SC status for Dalit converts: SC refuses to entertain plea against Centre’s decision to set up panel headed by ex-CJI

New Delhi, Jan 23 (PTI) The Supreme Court on Monday refused to entertain a plea challenging the Centre’s 2022 decision to form a panel headed by former CJI KG Balakrishnan for examining the grant of scheduled caste status to Dalits who have converted to Christianity or Islam.

A bench of justices Sanjay Kishan Kaul and Abhay S Oka asked advocate Franklin Thomas Caesar, representing the petitioner, “Who are you? This matter is already being heard”.

A writ petition filed in 2004 challenging the exclusion of Christians and Muslims from the Constitution (Scheduled Caste) Order 1950 is pending before the top court.

Caesar submitted that at the time when the matter is pending before the court, then a parallel commission cannot be appointed and there are already several commissions set up by the government on the issue.

Justice Kaul told the counsel, “When the government in its wisdom has appointed a commission to examine the issue, then which rule or which provision allows you to challenge that? You are challenging the constitution of the commission”.

Caesar submitted that the court should proceed with the hearing of the matter and the setting up of the commission should not come in the way.

“This commission cannot adjudicate and decide the legality of the issue,” he said.

However, the bench ordered, “We are not inclined to entertain this petition under Article 32 of the Constitution as what is being sought is quashing of the appointment and functioning of the commission.

“We find no relevant ground to quash the appointment of the commission. We may note that in the matter pending before this court, we are examining the issue and the plea raised by the government is that a new commission is examining the issue”.

The top court passed the order on a plea of one Pratap Baburao Pandit, who claimed that if the order of setting up the commission is allowed, the hearing on the main petition pending before the top court for nearly two decades may get further delayed, causing irreparable damage to the Christians of Scheduled Caste origin.

The petitioner, a practicing advocate from Pune who was himself a Dalit and later converted to Christianity, said in his plea filed through advocate Chand Qureshi that there are already several commissions working on the issue of Dalits including the National Commission for Backward Classes, Minorities Commission and Justice Ranganath Misra Commission. He claimed the government has all the relevant data with it and there was no need for a new commission.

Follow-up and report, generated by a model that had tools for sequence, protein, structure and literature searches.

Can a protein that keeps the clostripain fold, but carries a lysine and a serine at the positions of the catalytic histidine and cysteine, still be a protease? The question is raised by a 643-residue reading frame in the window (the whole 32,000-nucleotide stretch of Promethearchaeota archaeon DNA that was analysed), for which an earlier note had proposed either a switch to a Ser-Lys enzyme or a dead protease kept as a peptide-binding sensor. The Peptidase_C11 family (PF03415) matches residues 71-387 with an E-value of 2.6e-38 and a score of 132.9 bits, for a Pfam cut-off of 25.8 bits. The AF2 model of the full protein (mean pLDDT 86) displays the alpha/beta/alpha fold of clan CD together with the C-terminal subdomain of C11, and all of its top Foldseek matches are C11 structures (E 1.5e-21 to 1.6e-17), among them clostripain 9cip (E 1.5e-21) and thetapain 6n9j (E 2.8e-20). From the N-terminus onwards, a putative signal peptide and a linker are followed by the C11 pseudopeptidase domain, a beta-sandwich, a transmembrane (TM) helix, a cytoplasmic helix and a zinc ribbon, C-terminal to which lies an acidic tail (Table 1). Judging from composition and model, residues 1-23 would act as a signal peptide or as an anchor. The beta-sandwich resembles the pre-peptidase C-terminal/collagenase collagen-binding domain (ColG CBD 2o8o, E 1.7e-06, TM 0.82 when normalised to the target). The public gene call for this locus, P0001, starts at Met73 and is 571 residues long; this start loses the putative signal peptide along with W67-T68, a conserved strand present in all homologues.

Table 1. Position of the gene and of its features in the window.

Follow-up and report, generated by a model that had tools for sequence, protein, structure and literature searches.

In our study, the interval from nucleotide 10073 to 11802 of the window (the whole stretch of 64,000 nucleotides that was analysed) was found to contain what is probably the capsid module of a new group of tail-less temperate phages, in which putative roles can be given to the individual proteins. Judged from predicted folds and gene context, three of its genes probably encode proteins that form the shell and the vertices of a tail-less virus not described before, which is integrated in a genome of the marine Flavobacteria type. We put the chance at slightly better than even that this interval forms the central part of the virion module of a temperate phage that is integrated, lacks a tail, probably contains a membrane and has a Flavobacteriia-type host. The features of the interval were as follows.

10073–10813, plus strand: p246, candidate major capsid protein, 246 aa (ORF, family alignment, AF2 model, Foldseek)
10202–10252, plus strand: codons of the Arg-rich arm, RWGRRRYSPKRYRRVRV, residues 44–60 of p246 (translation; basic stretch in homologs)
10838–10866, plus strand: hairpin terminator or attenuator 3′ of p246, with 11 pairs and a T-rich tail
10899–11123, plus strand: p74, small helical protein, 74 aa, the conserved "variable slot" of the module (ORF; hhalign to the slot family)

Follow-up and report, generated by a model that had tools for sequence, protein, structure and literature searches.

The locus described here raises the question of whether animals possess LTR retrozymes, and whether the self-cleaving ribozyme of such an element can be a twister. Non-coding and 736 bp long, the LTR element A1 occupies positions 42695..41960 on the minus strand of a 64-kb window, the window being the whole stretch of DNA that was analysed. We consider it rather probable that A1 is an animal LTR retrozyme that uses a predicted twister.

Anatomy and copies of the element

On December 7, last year, the Centre told the top court that the Constitution (Scheduled Castes) Order, 1950 does not suffer from any “unconstitutionality” and the exclusion of Christianity and Islam was due to the reason that the “oppressive system” of untouchability was not prevalent in either of these two religions.

The Constitution (Scheduled Castes) Order, 1950, as amended from time to time, says no person professing a religion other than Hinduism, Sikhism and Buddhism shall be deemed to be a member of a Scheduled Caste (SC).

However, Muslim and Christian groups have often demanded similar status for Dalits who have converted to their religions.

The government had told the top court that it had not accepted the report of the Justice Ranganath Misra Commission, which had recommended the inclusion of Dalit Christians and Dalit Muslims in the Scheduled Castes list as it was “flawed”.

On October 7, last year, the Centre appointed the Commission headed by Balakrishnan to examine the matter of giving Scheduled Caste status to new people who claim to “historically” have belonged to the SCs, but have converted to a religion other than those mentioned in the Presidential orders.

The three-member team also includes retired IAS officer Dr Ravinder Kumar Jain and member UGC Professor Sushma Yadav.

The panel will examine the matter of giving Scheduled Caste status to new persons who claim to historically have belonged to the Scheduled Castes but have converted to a religion other than those mentioned in the Presidential Orders issued from time to time under article 341 of the Constitution.

The panel will also examine the implications of the decision – if it comes to be – on the existing Scheduled Castes, besides taking into account the changes in customs, traditions, and their status of social discrimination and deprivation, after these people converted to other religions.

The commission will also examine any other related questions that the Commission deems appropriate in consultation with the Centre and with its consent.

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